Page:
Boundary layer thickness, accelerating flow.by apc3161 Tags: accelerating, boundary, flow, layer, thickness 

#1
May1909, 04:18 PM

P: 20

Hello,
You've all probably seen the classic Blasius solution concerning the thickness of a boundary over a flat plate. This problem though assumes that the free stream velocity is constant. http://www.see.ed.ac.uk/~johnc/teach...dboundary.html I am currently faced with a problem where the free stream velocity is increasing as you go down the plate, so I cannot use the Blasius solutions. I was wondering if anyone out there knows anything about this subject and if they could reference me to some material concerning this topic. Thanks 



#2
May2009, 08:07 AM

Sci Advisor
P: 1,498

It sounds to me like you have a FalknerSkan Wedge flow. Basically this is a similarity solution (as the flat plate boundary layer). Similarity is achieved by the variable [tex]\eta = Cyx^a[/tex], which is consistent with a powerlaw freestream velocity distrubtion:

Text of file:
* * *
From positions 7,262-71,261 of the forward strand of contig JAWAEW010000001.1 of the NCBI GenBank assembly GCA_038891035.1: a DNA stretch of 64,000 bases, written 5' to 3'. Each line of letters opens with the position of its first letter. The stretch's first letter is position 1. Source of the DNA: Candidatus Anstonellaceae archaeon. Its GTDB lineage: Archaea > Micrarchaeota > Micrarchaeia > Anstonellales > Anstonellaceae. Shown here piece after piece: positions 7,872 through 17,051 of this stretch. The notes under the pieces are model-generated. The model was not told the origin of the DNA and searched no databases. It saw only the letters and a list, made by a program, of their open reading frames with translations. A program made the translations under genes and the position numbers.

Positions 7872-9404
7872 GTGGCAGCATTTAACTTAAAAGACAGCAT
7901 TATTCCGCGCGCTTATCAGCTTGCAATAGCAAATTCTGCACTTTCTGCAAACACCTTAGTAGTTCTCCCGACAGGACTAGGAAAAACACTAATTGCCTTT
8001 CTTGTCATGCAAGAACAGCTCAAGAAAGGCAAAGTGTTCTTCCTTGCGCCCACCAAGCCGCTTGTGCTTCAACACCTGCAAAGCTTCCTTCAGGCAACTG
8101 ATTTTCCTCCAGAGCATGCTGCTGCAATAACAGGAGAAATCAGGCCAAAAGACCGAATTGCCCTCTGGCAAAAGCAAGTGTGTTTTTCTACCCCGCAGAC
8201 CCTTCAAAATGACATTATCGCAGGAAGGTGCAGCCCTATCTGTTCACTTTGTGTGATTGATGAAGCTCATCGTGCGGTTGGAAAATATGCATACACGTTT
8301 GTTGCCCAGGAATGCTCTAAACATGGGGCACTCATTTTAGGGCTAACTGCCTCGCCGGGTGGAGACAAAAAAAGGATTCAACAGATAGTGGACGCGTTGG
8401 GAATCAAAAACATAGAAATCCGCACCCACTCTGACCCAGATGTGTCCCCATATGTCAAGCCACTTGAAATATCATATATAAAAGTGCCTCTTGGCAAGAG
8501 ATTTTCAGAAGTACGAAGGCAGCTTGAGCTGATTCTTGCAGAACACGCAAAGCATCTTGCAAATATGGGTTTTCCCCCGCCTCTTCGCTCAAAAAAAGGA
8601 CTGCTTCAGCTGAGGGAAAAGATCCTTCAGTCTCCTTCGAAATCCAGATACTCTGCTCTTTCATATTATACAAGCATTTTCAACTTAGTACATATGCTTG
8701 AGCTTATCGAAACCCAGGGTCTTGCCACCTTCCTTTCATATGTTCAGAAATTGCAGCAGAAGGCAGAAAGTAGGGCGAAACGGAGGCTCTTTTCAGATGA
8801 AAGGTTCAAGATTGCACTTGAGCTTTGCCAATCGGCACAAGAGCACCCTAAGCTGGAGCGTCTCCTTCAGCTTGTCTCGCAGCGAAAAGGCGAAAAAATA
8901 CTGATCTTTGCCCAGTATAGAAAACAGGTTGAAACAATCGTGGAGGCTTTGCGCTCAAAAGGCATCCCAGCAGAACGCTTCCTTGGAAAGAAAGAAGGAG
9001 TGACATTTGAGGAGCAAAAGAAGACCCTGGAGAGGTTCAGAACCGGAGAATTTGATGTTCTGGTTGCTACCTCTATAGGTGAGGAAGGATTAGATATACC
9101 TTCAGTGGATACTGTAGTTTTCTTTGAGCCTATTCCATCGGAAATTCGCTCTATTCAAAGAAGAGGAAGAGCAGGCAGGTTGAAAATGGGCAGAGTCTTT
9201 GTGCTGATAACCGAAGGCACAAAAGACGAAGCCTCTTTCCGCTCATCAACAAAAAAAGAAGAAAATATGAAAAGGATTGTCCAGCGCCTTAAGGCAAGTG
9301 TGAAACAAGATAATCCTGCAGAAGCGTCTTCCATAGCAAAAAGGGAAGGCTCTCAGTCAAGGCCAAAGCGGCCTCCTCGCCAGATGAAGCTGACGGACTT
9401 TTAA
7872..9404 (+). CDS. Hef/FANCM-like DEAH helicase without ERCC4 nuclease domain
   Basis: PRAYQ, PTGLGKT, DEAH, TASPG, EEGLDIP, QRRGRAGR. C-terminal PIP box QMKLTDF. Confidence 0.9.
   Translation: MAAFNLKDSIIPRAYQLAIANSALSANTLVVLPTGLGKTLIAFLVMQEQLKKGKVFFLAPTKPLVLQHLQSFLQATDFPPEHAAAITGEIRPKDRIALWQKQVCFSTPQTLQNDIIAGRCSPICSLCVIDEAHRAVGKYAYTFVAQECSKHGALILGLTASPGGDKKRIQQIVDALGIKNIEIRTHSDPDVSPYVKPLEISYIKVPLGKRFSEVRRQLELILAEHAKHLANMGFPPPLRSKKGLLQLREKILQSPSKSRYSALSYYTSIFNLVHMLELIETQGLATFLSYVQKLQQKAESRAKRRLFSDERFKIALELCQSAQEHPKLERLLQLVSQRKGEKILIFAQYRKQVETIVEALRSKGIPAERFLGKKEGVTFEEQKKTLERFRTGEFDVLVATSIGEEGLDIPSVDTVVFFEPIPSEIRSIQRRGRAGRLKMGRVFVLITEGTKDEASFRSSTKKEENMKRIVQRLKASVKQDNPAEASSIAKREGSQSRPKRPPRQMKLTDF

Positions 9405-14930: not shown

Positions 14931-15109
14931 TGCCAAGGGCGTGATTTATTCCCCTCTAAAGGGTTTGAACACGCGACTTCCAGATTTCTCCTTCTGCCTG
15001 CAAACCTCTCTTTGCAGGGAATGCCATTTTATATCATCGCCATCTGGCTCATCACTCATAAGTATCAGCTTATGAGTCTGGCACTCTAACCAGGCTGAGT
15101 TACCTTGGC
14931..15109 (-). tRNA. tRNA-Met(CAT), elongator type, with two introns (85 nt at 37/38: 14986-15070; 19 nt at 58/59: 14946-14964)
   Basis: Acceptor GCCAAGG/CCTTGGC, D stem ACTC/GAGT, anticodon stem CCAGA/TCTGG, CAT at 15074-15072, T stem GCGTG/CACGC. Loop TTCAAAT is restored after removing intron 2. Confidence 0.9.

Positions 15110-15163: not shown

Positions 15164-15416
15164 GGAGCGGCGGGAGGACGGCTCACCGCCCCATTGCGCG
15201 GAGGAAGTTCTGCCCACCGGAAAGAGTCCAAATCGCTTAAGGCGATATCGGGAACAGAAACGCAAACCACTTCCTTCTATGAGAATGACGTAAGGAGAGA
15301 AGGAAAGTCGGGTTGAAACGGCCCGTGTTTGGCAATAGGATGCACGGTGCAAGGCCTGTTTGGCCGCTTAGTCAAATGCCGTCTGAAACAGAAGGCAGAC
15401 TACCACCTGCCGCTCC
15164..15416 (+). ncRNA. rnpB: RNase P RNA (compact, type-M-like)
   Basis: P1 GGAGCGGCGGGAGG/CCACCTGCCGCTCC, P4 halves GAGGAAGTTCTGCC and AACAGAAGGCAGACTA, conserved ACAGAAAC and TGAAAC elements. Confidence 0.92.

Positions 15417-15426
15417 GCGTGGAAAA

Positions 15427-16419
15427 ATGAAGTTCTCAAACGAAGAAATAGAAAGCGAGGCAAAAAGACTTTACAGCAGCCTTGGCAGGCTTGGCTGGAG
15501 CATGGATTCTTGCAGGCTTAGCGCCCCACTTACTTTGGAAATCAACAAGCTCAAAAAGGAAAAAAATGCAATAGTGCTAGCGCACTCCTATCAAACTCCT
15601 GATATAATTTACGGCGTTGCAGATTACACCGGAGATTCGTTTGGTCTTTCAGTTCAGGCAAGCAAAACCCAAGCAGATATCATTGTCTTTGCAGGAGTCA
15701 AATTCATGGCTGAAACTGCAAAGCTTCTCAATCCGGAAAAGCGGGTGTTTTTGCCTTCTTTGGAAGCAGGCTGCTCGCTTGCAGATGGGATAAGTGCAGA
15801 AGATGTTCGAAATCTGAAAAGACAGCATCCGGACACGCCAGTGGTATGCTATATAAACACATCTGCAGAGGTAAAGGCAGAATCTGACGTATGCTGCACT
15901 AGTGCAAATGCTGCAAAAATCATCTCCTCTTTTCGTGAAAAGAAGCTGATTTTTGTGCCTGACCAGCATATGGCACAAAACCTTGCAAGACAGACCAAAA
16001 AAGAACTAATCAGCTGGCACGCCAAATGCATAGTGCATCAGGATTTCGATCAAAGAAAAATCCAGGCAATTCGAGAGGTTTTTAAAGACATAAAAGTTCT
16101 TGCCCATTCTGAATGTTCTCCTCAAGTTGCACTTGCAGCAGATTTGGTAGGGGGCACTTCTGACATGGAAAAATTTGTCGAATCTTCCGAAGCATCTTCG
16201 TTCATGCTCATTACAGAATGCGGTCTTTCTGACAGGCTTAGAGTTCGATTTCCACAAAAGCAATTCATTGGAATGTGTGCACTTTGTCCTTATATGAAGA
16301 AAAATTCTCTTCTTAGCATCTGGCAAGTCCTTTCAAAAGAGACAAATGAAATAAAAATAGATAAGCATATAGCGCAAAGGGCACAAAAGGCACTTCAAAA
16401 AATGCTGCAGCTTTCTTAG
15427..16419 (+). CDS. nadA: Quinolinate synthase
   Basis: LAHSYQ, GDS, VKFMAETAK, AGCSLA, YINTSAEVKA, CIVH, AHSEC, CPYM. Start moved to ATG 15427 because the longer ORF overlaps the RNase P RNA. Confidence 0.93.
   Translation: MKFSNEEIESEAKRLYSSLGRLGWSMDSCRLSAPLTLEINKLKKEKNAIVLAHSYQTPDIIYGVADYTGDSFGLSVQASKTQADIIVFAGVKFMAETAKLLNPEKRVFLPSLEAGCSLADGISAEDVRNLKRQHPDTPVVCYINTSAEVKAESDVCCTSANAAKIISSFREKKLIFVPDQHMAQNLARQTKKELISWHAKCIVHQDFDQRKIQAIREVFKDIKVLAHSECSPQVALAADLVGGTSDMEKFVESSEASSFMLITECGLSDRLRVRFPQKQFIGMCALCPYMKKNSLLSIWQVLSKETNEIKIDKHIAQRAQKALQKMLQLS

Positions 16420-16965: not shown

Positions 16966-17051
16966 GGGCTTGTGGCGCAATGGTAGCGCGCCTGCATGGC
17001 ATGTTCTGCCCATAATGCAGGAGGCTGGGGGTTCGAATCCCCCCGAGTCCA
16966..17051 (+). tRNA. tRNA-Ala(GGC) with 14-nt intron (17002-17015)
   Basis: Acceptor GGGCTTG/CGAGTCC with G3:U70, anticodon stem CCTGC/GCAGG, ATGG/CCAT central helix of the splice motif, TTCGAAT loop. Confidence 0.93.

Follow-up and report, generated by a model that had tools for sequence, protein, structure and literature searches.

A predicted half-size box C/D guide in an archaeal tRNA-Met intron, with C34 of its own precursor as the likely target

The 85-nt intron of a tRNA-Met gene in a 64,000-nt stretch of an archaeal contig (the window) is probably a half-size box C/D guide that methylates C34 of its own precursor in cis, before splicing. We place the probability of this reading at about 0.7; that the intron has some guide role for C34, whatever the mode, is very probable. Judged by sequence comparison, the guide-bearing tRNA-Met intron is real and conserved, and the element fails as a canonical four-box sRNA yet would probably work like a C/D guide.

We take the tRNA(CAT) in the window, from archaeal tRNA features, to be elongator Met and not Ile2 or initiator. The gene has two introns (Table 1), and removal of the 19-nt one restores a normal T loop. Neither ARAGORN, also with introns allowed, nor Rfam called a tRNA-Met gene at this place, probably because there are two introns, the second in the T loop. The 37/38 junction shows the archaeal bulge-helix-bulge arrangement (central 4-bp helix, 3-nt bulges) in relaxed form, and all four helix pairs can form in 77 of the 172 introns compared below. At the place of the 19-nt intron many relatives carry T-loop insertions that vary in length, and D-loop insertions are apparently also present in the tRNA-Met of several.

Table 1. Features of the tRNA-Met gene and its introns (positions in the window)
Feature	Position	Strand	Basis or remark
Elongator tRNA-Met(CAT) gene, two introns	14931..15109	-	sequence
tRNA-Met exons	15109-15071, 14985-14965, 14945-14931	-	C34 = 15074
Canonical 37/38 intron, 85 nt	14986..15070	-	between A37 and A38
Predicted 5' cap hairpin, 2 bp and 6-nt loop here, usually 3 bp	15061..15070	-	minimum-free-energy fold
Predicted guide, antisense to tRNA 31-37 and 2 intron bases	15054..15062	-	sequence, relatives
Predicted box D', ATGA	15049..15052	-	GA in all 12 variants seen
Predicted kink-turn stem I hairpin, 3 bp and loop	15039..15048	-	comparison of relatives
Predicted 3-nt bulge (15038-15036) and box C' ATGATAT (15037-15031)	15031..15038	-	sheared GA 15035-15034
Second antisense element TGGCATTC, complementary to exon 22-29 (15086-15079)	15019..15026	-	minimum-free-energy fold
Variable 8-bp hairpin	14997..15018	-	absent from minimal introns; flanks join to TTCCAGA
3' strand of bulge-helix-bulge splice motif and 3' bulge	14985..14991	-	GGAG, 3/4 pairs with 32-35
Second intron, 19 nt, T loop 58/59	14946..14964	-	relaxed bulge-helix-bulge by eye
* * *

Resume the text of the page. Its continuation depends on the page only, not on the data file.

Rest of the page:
[tex]U(x) = Kx^m\,\,\,; m=2a+1[/tex] The exponent m may be termed the powerlaw parameter. do some blah blah blah, and the common form of the FalknerSkan equation for similar flows is: [tex]f''' + ff'' + \beta(1f'^2) = 0[/tex] Where [tex]\beta = \frac{2m}{1+m}[/tex] The boundary conditions are the same for the flat plate: [tex]f(0) = f'(0) = 0; f'(\infty) = 1[/tex] Where the parameter [tex]\beta[/tex] is a measure of the pressure gradient, and is positive for positive for a negative or favorable pressure gradient, and negative for an unfavorable pressure gradient; 0 denotes the flat plate. I won't type the table out, but you should be able to find a table of solutions online somewhere. Basically they are all nondimensional, so you'll have to find a reference to dimensionalize them to a reallife problem. 


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